Friday, 13 May 2016

New LTA unit to ensure safe riding on footpaths: Active Mobility Enforcement Officers

Enforcement team armed with speed guns will be deployed daily at high-traffic hot spots
By Danson Cheong, The Straits Times, 12 May 2016

If you are zipping down a footpath on a bicycle, do not be surprised if someone dressed in a yellow top and black bermudas stops you and asks you to pedal safely.

The Land Transport Authority (LTA) launched a new unit yesterday to patrol pavements and cycling paths, and crack down on cyclists and personal mobility device (PMD) users who speed or ride recklessly on these.

Officers of the new Active Mobility Enforcement Team will be armed with foldable bicycles and speed guns and be deployed daily at high-traffic hot spots - such as areas outside schools, bus stops and pedestrian crossings - to ensure the safe sharing of these spaces.

It is currently illegal to ride a bicycle or use PMDs such as e-scooters on sidewalks, but the authorities announced last month that the law will be amended to allow bicycles and most PMDs on such paths.

The enforcement unit was also announced last month, as part of measures to ensure safety after the new rules take effect.

"Our officers will be on the ground... to advise (the public) on the incoming law, so they will not be unprepared when the rules and regulations kick in later this year," said Mr Willy Soo, a deputy manager in LTA's enforcement division.

For now, the enforcement team will focus on education and pass out brochures and advisories with safety tips, said LTA.

This is because the new team does not have powers to issue fines to reckless riders until the new rules take effect.

Currently, cyclists found riding rashly can be prosecuted by the Traffic Police and fined up to $5,000, jailed for up to a year, or both, if found guilty.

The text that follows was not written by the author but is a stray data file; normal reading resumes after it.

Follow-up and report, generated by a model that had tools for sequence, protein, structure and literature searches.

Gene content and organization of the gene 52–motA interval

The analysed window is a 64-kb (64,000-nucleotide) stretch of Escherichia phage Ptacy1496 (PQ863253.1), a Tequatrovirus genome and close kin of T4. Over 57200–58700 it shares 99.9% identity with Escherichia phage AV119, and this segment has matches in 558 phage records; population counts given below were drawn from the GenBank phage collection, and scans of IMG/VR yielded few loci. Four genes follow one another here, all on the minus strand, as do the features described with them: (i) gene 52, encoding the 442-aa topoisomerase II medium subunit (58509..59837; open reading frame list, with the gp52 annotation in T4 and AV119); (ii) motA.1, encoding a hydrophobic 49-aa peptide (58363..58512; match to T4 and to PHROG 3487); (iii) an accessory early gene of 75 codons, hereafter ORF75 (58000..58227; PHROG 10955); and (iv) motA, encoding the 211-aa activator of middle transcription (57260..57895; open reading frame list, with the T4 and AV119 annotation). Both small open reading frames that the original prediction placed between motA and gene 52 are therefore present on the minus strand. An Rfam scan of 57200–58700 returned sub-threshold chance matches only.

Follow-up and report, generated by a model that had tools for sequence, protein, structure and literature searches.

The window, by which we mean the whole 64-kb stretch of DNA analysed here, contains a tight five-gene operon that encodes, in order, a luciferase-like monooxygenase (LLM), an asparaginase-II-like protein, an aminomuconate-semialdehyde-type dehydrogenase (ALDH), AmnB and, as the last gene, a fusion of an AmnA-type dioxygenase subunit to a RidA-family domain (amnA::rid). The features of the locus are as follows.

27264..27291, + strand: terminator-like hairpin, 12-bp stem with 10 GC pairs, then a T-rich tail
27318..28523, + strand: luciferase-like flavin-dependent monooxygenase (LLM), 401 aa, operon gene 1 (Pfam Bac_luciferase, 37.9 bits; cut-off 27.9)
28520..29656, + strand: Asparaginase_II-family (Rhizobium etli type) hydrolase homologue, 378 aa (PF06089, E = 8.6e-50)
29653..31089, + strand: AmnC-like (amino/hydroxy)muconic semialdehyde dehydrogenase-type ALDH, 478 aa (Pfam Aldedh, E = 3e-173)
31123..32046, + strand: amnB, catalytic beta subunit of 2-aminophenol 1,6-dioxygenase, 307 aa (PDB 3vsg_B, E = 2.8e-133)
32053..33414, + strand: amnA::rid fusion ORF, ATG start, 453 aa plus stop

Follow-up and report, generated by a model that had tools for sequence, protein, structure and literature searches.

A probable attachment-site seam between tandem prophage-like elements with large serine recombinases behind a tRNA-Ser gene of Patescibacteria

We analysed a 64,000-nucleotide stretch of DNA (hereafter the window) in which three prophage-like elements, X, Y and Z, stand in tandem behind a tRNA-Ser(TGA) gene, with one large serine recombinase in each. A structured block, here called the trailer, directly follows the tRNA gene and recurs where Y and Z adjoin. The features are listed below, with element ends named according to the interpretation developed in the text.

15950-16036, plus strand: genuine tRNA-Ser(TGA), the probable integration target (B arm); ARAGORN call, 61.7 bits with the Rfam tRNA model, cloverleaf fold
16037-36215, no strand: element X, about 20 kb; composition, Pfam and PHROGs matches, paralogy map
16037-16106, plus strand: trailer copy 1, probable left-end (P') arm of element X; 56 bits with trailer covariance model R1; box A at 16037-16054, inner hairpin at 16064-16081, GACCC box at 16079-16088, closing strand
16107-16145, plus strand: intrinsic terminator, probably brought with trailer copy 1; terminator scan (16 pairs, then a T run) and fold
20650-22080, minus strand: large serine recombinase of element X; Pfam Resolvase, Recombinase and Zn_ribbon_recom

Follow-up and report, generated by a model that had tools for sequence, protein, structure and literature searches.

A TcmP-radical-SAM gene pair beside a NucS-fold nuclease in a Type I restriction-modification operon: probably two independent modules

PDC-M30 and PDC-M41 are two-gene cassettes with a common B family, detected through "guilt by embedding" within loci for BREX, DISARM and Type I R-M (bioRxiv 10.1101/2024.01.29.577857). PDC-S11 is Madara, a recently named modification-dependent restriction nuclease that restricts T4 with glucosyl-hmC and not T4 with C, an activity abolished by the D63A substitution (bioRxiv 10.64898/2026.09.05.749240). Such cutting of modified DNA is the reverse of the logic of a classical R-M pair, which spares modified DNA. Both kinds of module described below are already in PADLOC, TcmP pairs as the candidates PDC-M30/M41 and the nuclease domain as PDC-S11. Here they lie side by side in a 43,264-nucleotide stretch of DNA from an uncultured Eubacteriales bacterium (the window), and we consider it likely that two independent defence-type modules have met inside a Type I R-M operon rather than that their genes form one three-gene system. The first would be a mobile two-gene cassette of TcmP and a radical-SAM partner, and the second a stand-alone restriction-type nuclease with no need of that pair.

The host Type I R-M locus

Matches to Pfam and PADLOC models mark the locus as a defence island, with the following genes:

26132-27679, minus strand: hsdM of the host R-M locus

Yesterday, Mr Soo and three officers were deployed in Woodlands Avenue 7, an area where many residents commute by bicycle to work at the nearby industrial estate.

Residents, cyclists and PMD users welcomed the new enforcement team, saying that their visible presence will help ensure safety.

"Sometimes, cyclists here speed through the bus stops. If you have small children and they are walking around, it is not very safe," said Mr He Ya Peng, 36, a resident who works in customer service.

Engineer Andre Villegas, 33, cycles daily to his workplace in Gambas and said he sees cyclists speeding on the pavement even though there is a park connector.

"I think (the officers) will make the area safer. Sometimes in the morning, these people cycle quickly to rush to work," he said.

The new enforcement team will also join the Traffic Police in joint enforcement exercises at hot spots.

"The presence of our dedicated enforcement team will provide the reassurance that we will not tolerate any reckless behaviour by cyclists or personal mobility device users," said LTA chief executive Chew Men Leong in a media statement.

LTA team starts policing pavements, cycle paths
By Danson Cheong, The Straits Times, 12 May 2016

Officers from the Land Transport Authority's (LTA) new Active Mobility Enforcement Team are well trained and experienced in stopping speeding cars and lorries on the roads.

But yesterday, they were hunting much smaller quarry.

Over two hours, at two bus stops in Woodlands Avenue 7, a team of three officers waved down cyclists and users of personal mobility devices, the first time that the LTA enforcement team was deployed.

Launched yesterday, the team will focus solely on policing pavements and cycling paths here.

The Government will likely pass laws later this year to give the team powers to hand out fines to speedsters and those who ride recklessly.

For now, the officers hand out brochures to cyclists with safety tips such as keeping to the left, and pushing their bikes in crowded areas.

During yesterday morning's operation, more than 180 of these brochures were handed out. Three advisory notices - given out to those who speed or ride recklessly - were also issued.

The Woodlands Avenue 7 stretch was chosen because it is used frequently by cyclists commuting to the nearby industrial estate.

The deputy manager of LTA's enforcement division, Mr Willy Soo, told The Straits Times: "Our targets are those who don't use the cycling path, or the (pavement) that bypasses the bus stop. We are targeting those who pose a higher threat to pedestrians."

Maintenance technician Shahreen Sace, 36, who rides his e-scooter from Admiralty to his workplace in Woodlands daily, was stopped by the officers for riding on the pavement. He was told to use the adjacent park connector instead.

Said Mr Shahreen: "This is a good move, it can help educate riders and increase awareness about safety."


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